Grand Teton National Park presented a beautiful lake and a jagged adventure inspiring mountain range as we drove south from Yellowstone National Park. The flat open plains along with the rivers and streams offer a prime environment for moose and after spotting none in Yellowstone we were primarily looking for moose while in the Grand Tetons. Luck abided and along with a crowd of other motorists we spotted a mother moose and her calf on the other side of a river close to the road.
They appear to be sleepy docile creatures and our moose really didn’t do much while we watched eagerly for any picture perfect moments.
The Teton mountain range is impressive, even on the less than impressive day we had in the park.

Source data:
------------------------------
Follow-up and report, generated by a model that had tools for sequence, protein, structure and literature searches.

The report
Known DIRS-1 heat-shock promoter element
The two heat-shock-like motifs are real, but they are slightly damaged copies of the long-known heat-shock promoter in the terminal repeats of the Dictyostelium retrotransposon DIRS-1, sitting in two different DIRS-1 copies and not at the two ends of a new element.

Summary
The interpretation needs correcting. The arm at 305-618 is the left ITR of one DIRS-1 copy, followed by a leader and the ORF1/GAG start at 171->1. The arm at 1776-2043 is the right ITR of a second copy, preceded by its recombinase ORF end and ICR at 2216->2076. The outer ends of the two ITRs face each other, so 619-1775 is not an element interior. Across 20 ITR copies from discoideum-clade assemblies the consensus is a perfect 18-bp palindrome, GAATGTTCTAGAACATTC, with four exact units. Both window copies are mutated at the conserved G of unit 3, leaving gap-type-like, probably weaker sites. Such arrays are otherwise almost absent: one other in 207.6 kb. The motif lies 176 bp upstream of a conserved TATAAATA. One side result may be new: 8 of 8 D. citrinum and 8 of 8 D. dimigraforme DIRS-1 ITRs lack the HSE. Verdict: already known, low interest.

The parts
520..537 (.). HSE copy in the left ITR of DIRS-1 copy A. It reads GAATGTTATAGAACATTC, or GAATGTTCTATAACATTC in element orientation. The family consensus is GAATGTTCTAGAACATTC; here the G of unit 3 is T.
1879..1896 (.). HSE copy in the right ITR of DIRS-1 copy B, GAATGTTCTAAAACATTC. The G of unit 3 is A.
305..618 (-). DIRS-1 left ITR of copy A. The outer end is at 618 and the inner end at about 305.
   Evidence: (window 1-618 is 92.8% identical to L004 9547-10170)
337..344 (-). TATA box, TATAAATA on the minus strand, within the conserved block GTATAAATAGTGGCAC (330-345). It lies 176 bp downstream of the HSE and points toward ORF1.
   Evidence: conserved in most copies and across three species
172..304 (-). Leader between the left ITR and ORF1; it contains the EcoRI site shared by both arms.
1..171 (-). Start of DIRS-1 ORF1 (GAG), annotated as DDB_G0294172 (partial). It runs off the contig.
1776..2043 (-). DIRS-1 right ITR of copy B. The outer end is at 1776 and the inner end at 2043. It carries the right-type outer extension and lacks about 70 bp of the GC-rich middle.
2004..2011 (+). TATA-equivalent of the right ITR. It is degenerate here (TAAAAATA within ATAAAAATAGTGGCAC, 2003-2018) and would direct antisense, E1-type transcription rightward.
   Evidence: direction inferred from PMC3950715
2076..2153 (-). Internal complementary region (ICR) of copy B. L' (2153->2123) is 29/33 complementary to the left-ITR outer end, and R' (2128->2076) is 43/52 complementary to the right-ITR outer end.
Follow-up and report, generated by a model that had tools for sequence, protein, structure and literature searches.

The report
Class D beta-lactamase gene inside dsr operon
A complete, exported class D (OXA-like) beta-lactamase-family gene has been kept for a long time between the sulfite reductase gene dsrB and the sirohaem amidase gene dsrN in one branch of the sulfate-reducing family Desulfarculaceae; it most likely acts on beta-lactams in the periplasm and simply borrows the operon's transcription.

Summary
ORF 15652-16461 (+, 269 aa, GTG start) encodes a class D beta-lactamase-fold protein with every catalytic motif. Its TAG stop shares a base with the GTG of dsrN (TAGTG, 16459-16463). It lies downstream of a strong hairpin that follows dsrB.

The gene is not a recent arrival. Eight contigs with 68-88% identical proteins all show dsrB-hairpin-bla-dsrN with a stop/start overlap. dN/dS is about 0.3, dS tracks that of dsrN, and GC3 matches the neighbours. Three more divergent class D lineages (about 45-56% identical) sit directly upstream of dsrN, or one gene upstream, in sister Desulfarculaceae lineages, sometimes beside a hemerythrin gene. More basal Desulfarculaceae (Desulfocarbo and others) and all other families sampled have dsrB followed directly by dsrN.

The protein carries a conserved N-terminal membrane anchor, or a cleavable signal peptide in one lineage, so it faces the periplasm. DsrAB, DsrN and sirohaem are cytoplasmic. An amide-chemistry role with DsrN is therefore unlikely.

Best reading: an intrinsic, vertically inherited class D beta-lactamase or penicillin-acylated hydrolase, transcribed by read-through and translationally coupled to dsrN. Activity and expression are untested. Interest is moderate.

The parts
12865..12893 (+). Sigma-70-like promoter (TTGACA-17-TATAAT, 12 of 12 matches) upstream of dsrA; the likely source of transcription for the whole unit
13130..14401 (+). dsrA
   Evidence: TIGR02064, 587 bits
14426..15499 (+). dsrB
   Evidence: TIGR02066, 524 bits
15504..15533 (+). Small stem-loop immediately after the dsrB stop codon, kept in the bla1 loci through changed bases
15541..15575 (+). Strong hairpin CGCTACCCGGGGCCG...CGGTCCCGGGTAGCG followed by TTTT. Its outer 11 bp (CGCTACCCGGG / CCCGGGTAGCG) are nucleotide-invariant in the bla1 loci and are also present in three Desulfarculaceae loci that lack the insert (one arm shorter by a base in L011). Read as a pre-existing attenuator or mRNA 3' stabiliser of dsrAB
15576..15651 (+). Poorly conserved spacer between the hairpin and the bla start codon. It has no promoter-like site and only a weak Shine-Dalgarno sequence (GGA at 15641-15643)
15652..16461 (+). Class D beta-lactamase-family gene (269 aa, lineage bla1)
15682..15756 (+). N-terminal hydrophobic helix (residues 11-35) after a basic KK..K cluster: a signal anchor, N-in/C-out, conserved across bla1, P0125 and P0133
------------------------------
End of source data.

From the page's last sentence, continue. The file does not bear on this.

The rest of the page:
Our final event of interest in Grand Teton National Park was spotting a herd of elk in a paddock acting odd. They were bunched together in an open field of long grass; bunched isn’t the right word, they formed a circle all facing out as if they sensed a predator nearby. It was an interesting display of herd movements, a brave elk would venture out of the circle cautiously and then either return or the rest of the herd would gain confidence and move to follow. This continued for roughly half an hour before most of the herd had disappeared into taller thicket. A few elk still lingered in the open, unsure of whether to disappear into the thicket after the herd or not – we eventually grew bored and moved on. We assumed there was a predator of sorts that was causing the bizarre behaviour but we saw nothing and had to assume it was further away and not actually a threat to us or the herd. We stayed one night at Signal Mountain Campground.